Even if you don’t follow business news in the United States all that closely, it’s hard to escape the idea that there are still a lot of companies declaring bankruptcy despite the current strength of the economy. While Toys “R” Us has dominated the news in that regard, another major bankruptcy this past March was that of Remington Outdoor Company, a firearm manufacturer that has been in business in the United States for over 200 years. While these events are rarely happy for anyone involved, they do offer an opportunity to better understand why certain businesses are struggling though the country as a whole experiences steady growth. In the case of Remington and the larger gun industry, it’s an opportunity to observe how political expectations—our beliefs on how things will turn out both at the ballot box and in our legislatures—drive economic decision-making.
A good way to see this effect visualized is to look at the stock market. After all, the stock market is a world in which prices are set entirely based on expectations, where a share is only as valuable as investors think it will be tomorrow. These can be expectations created by the present, relying on fiscal reports, news headlines, and other indicators of current performance. They can also be expectations of the future, based on how investors believe the market for a given company will evolve. In the case of the firearms industry, these future expectations include predictions of the political situation.
This is made immediately clear in the stock price of companies like American Outdoor Brands (AOBC), which owns Smith & Wesson. On the day of the 2016 election, a share of AOBC was trading for more than $28 a share, which was within a couple of dollars of its all-time high. In the two days following election night, AOBC stock lost 25 percent of its value, tanking to $21 a share in only two days of trading. Expectations for the company had taken a strong downward shift, in a very brief amount of time. While changes in a stock price over time can be attributed to a variety of factors, there was no doubt that this drop in price was caused by the election.
Why would the election of Donald Trump create negative expectations for the future of gun manufacturers? After all, Trump received the endorsement of the NRA and took weaker positions than Clinton on a variety of gun control issues. His platform stated outright that “The government has no business dictating what types of firearms good, honest people are allowed to own.” Unfortunately, for these manufacturers, a political win for gun advocates and the NRA turns out to not be a win for their business.
During the eight years of Barack Obama’s presidency, one of the major drivers of gun sales was the expectation of gun control regulation, creating an incentive to buy firearms while it was still legal to do so. In the below chart, created by Bloomberg, we can see how federal background checks spiked at the moments when those expectations were at their highest, which is immediately following major events of gun violence in the United States. (Since official figures for gun sales are not available, federal background check data from the FBI is used as a proxy for people looking to purchase firearms.) As a further example of gun sales being driven by politics, you can also see that background checks during the election of Barack Obama spiked higher than at any point during the administration of George W. Bush.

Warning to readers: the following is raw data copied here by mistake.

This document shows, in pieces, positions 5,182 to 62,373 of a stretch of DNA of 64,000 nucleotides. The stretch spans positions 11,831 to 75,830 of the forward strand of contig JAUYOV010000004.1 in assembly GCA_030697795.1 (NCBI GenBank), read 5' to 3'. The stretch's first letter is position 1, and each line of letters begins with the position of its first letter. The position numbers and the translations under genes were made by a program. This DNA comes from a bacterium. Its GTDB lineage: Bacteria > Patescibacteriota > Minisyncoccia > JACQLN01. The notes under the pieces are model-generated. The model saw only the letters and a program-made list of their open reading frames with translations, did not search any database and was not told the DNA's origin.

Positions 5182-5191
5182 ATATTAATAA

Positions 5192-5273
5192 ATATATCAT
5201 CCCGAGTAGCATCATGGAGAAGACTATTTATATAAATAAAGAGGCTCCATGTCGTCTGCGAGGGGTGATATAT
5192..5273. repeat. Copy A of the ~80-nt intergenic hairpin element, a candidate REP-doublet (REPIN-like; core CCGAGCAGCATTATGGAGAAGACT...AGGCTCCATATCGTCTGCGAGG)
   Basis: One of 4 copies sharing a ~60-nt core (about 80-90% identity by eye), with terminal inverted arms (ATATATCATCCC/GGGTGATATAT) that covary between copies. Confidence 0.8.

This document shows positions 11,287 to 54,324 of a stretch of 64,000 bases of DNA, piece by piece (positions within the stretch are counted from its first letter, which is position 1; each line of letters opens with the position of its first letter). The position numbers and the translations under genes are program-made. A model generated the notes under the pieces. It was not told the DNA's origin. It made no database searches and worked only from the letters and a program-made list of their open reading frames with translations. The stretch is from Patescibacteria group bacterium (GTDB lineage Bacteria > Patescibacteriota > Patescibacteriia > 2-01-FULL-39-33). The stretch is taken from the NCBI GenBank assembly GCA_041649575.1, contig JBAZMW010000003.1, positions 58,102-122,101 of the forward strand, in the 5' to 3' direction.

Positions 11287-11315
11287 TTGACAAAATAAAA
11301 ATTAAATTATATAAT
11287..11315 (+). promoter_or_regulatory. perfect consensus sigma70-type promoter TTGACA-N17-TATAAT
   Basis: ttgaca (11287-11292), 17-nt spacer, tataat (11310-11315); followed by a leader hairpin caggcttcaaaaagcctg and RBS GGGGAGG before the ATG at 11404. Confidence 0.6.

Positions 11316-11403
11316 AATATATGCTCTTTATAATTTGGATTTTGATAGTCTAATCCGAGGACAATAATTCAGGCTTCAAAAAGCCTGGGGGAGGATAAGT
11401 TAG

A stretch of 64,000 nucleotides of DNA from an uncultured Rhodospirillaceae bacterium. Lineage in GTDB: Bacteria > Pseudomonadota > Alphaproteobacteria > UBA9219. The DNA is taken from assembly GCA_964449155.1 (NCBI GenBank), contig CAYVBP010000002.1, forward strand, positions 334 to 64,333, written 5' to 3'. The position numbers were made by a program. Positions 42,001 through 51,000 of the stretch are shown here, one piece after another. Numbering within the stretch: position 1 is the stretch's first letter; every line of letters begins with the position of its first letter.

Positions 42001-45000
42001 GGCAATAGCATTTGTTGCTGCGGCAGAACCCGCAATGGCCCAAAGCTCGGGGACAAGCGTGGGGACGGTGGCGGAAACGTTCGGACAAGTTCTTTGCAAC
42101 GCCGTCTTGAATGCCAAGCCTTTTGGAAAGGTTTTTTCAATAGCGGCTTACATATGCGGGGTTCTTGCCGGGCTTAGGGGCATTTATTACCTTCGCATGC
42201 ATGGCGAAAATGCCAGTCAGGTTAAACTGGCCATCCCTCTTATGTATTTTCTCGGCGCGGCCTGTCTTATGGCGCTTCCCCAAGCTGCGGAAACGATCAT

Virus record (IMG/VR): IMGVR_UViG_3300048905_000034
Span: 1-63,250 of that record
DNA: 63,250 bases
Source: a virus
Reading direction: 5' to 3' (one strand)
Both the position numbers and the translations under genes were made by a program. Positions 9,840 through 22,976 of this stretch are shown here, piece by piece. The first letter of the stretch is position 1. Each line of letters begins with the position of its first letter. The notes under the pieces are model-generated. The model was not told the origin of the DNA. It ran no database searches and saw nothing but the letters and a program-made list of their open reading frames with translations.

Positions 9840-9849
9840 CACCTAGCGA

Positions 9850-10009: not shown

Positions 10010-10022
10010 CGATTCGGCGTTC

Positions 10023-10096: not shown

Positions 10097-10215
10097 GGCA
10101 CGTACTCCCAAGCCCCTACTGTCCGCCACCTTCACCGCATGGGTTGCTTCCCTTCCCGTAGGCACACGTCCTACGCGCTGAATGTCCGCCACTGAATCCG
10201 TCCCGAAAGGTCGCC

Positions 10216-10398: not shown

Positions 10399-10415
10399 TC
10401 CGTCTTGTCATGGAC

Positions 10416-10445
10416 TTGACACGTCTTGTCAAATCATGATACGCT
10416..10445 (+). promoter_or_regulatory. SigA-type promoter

This incentive to purchase firearms has all but disappeared with the election of Donald Trump. In an earnings call following the second quarter of 2017, American Outdoor Brands CEO James Debney laid out the issue, stating “There was some fear-based buying that would take place from time to time. There is no fear-based buying right now.” Even as mass shootings continue to happen, the effect of these events on gun sales has been muted without an expectation that gun control legislation would occur as a result. As seen above, there was no jump in federal background checks following the Las Vegas shooting in October 2017. While there has been some effect following the Parkland shooting, increases in sales have been limited primarily to Florida and other states that have pursued stronger gun control measures.
Economic decisions have also been driven by political expectations on the manufacturers’ side of the equation. Prior to the 2016 election, gun manufacturers increased output with the expectation that Hillary Clinton would win the election and pursue tougher gun-control laws. When that outcome didn’t happen, these companies were left with excess stock and reduced demand, forcing deep discounts from retailers just to move guns off of store shelves. This bad bet has exacerbated the issues from low sales, resulting in Remington Outdoor Company’s declaration of bankruptcy this past March.
These types of decisions are not uncommon in business. Ultimately, everyone is trying to make decisions based on expected future outcomes, whether that means changes in future demand, the shifting price of oil, or new tariffs that affect the ability to buy and sell from the global marketplace. In the case of the gun industry, where past sales have been driven heavily by politics, decisions were made based on political predictions that did not end up coming true. However, with American politics generally working in cycles, it likely won’t be long until buyers’ expectations change and sales pick up again. As a result of these few hard years, the American gun industry might learn not to place too large of a bet on an uncertain outcome.